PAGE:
Secret Santas, toy drives and other gift-giving efforts in the spirit of Christmas will look a lot different this year.
For more than 25 years, Second Baptist Church in Richmond Heights has participated in an annual gift-giving initiative through Prison Fellowship’s Angel Tree program. The Angel Tree giveaway allows local churches to provide Christmas gifts to children with incarcerated parents.
Senior pastor Alphonso Jackson Sr. and his congregants are holding their annual Angel Tree giveaway in the shadow of the pandemic this year.
Prison Fellowship is one of the largest Christian nonprofit organizations in the country with a mission focused on serving those affected by crime and incarceration. Created in 1976, it follows three tenets in interacting with communities impacted by incarceration: transforming the lives of prisoners, caring for children and families, and advocating for restorative justice.
The Angel Tree program, which has been running for nearly three decades, is an extension of the organization’s approach to caring for children and families. It allows churches and people from the community to join the effort of spreading joy to children ranging from birth to age 17 during the holidays.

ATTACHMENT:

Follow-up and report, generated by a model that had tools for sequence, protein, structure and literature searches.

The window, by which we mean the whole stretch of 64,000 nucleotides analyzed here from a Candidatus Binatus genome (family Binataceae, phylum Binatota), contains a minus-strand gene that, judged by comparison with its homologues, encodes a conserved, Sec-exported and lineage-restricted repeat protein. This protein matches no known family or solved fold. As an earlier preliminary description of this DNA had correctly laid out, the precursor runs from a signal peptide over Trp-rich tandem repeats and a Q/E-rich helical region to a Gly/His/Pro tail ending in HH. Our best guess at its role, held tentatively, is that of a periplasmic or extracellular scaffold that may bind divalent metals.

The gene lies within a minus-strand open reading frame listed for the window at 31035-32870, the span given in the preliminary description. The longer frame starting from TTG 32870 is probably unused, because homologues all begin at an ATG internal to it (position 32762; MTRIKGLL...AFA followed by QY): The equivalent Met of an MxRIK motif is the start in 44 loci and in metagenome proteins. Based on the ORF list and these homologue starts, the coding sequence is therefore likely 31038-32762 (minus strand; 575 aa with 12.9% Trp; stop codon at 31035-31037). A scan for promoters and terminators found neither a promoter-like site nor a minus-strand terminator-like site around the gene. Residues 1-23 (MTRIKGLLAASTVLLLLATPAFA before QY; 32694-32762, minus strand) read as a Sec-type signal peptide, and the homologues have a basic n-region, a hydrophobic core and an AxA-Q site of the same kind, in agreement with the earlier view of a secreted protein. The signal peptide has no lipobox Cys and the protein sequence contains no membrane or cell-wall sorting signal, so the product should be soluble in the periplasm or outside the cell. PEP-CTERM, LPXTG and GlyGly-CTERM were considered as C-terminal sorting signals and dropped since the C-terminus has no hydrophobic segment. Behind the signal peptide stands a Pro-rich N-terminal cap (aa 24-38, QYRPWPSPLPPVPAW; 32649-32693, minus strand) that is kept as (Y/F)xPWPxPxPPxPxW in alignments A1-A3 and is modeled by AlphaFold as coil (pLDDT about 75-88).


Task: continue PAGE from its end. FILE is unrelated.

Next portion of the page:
Second Baptist Church is accepting Angel Tree donations at its Learning Center until Dec. 12. The church’s Favored Ministry is responsible for the execution of the program on a local level. After receiving a list of names from national Angel Tree staff, they go into high gear to make children’s holiday gift wishes come true.
In years past, a Christmas tree was placed inside the church and decorated with paper angels bearing the names of at least 100 children, along with short bios and wish lists of the items they hoped to receive. Each Sunday over the course of a month, church members would select an angel from the tree and purchase the gifts listed. A closing ceremony would then follow, during which gifts were distributed to selected children in person. Given current pandemic restrictions, approximately 100 children from North Kendall to Florida City with an incarcerated parent will receive mailed gift cards instead.
“COVID-19 should not stop ministry. All the angels were taken again this year,” said Alphonso Jackson Sr., the church’s senior pastor. “It was our way of blessing the families. Those kids were looking at a dreary Christmas.”
Instead of the usual angel tree method, children were matched to church members through a phone tree system. Jackson mentioned that the genuine appreciation and letters of gratitude that church members receive from the children and their families makes the effort that much more worthwhile.
The Second Baptist Church is also helping the community with food distribution drives every Saturday from 3 – 5 p.m. for the next two months.